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Indian football

Target for 2018
Dutta is counting on FIFA’s support in many respects, not least through the “Win in India with India” programme as he believes that football needs to be better presented. “Fans have to feel as ease in stadiums, they are part of the game. Quite simply, we need more modern stadiums,” he says. But therein lies the problem, according to Lovejoy. As public transport to and from stadiums leaves a lot to be desired, matches have to be played in the afternoon or in the evening when the temperatures are often almost unbearable. The game itself also suffers because statistics have shown that matches in the evening see more goals than encounters playing during the day.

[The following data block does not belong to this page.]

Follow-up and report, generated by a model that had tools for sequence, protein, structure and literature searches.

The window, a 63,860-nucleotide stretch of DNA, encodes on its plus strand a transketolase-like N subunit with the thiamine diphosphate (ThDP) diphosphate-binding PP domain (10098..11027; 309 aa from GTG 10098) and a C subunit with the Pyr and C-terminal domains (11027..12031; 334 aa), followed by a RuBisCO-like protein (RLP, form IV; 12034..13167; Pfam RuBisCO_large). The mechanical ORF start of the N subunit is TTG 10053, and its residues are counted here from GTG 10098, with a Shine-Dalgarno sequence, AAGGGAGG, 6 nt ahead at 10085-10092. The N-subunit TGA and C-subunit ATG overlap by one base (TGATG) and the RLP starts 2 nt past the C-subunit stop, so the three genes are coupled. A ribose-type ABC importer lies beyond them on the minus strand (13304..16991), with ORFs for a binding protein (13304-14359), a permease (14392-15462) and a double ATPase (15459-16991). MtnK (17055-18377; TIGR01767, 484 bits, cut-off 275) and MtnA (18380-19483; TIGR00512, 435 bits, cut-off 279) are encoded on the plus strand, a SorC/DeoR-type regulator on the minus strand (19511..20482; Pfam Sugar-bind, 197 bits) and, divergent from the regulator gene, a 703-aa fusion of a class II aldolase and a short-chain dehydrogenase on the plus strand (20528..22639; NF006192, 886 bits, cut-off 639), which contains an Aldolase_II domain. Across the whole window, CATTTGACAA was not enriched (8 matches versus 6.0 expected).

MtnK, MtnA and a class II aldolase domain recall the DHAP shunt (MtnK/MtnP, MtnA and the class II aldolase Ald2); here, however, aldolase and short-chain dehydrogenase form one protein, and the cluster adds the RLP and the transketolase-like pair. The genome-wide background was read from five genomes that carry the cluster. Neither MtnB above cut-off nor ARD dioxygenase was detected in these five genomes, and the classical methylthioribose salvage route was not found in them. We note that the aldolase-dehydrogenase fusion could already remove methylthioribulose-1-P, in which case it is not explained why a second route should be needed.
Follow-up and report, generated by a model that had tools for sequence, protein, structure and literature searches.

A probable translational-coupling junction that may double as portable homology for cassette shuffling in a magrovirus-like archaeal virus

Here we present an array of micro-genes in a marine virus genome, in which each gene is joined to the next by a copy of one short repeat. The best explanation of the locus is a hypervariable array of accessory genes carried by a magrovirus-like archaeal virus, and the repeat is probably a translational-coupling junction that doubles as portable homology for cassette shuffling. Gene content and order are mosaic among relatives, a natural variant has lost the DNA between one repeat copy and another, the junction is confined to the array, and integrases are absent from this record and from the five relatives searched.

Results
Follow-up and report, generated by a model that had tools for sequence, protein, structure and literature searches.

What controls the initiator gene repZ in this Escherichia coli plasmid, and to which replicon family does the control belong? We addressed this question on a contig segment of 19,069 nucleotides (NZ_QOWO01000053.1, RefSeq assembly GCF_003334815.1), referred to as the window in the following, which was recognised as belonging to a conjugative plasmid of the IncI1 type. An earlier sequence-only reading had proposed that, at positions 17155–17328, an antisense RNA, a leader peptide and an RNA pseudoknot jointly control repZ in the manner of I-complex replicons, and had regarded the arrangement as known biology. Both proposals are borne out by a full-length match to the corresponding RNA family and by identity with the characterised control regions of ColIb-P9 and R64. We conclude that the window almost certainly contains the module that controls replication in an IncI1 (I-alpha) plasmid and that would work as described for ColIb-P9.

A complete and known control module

Lovejoy and Dutta are united in their criticism of the standard of refereeing, and both stress the need for more training courses to “professionalise and commercialize the game” the game. “We need to increase the fanbase,” he continues. “As soon as business realize that there are potential customers in our stadiums, they will start to invest in football.”
That would certainly be a step towards the breakthrough that people want to occur in time or the 2018 FIFA World Cup TM at the very latest. “We want to bid for that tournament,” says AIFF General Secretary Alberto Colaco. It may sound like an ambitious plan, but given the speed with which India’s economy and society is growing right now, it should not be dismissed out of hand. Football in India is alive and well and is growing in strength and stature with every passing day. This is certainly one giant who is slowly awakening from its slumber.